1
$\begingroup$

I am doing a question that asks me to identify the gauge groups of a Lagrangian with the field strength tensors

$$\bf{F}_{\mu \nu} = \partial_{\mu}\bf{W}_{\nu} - \partial_{\nu} \bf{W}_{\mu} - g\bf{W_{\mu}} \times \bf{W_{\nu}},$$

$$B_{\mu \nu} = \partial_{\mu}B_{\nu} - \partial_{\nu}B_{\mu}.$$

I understand that the second one of these corresponds to a $U(1)$ gauge theory because it is clearly abelian. I'm a little confused about why the first one has to give us an $SU(2)$ gauge theory. I understand that it can do because the structure constants of an $SU(2)$ Lie algebra are $f^{abc}= \epsilon^{abc}$ in the fundamental of $SU(2)$, but aren't these also the structure constants of $SO(3)$?

Why do we know it's not $SO(3)$?

$\endgroup$
0
$\begingroup$

The Higgs field $\phi$ is a complex scalar, not a real one. This is crucial to its spontaneous symmetry breaking. It's also why the field's full symmetry is of the form $U(N)$, not $O(N)$. We introduce gauge bosonic fields to localize an otherwise global symmetry. For example, a "what's the weak force? I've never heard of that!" theory of electromagnetism has a Lagrangian containing $|(\partial_\mu+iqA_\mu)\phi|^2$ terms, an $F_{\mu\nu}F^{\mu\nu}$ term with $F_{\mu\nu}:=\partial_\mu A_\nu-\partial_\nu A_\mu$, and a scalar potential we may as well write as $V(|\phi|^2)$ (with a $-$ sign in front of it in the Lagrangian density, of course). This takes $N=1$, whereas to understand electroweak theory we need $N=2$ so $\phi_1,\,\phi_2$ are both complex scalars. Spontaneous symmetry breaking splits $U(2)$ into $SU_L(2)$ and $U_Y(1)$, a slightly more complicated option than a hypothetical one to $SU(2)$ and $U(1)$; either way, this gives $SU(N)$ish factors rather than $SO(N)$ish ones.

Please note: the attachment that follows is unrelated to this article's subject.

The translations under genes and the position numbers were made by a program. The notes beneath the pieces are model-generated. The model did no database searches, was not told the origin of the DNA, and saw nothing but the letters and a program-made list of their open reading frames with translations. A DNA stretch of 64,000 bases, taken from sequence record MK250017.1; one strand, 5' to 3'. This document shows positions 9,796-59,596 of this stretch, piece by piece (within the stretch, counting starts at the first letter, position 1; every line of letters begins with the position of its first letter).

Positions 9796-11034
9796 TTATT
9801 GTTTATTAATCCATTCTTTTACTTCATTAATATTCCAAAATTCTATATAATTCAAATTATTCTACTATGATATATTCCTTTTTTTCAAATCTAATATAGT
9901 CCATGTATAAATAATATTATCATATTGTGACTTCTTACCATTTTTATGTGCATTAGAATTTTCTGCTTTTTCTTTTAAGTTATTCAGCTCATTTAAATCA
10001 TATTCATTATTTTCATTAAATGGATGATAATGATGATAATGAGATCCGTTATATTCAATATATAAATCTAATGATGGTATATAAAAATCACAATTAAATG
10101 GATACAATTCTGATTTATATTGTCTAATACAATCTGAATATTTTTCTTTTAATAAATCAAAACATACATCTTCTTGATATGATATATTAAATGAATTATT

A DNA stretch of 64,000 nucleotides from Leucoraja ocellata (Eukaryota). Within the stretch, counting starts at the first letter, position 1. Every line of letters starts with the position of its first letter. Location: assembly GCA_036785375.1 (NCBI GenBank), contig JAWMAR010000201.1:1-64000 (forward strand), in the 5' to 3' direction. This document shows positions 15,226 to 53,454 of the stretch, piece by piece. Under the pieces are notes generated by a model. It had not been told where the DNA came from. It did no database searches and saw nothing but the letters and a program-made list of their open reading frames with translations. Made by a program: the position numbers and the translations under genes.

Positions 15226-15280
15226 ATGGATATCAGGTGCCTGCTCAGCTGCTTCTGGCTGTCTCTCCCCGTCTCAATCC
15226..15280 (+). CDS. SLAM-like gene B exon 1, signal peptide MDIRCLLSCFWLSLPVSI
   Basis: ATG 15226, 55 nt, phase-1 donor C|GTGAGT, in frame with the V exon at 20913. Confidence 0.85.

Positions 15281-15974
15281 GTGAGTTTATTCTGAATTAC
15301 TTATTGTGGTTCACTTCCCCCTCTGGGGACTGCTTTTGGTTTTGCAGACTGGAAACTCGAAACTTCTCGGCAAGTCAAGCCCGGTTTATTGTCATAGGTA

With a bit of effort, we can split each complex scalar into two real scalars and rewrite any $U(1)$ symmetry as $O(2)$ (although we'd still only need one auxiliary vector field, not two), but $SU(2)$ isn't quite so easy. While important, the structure constants don't tell the whole story. As explained here, the vector representations of $SO(3)$ are a proper subset of the representations of $SU(2)$, which also includes spinor representations. This allows the Higgs field to couple to fermions. The universe could theoretically have used completely different gauge groups from the one it did, but we have to work with whatever fits the data. In particular, there are so few electroweak gauge bosons it's best to think in terms of how a complex multiplet transforms instead of a real one.

$\endgroup$

Your Answer

By clicking “Post Your Answer”, you agree to our terms of service, privacy policy and cookie policy

Not the answer you're looking for? Browse other questions tagged or ask your own question.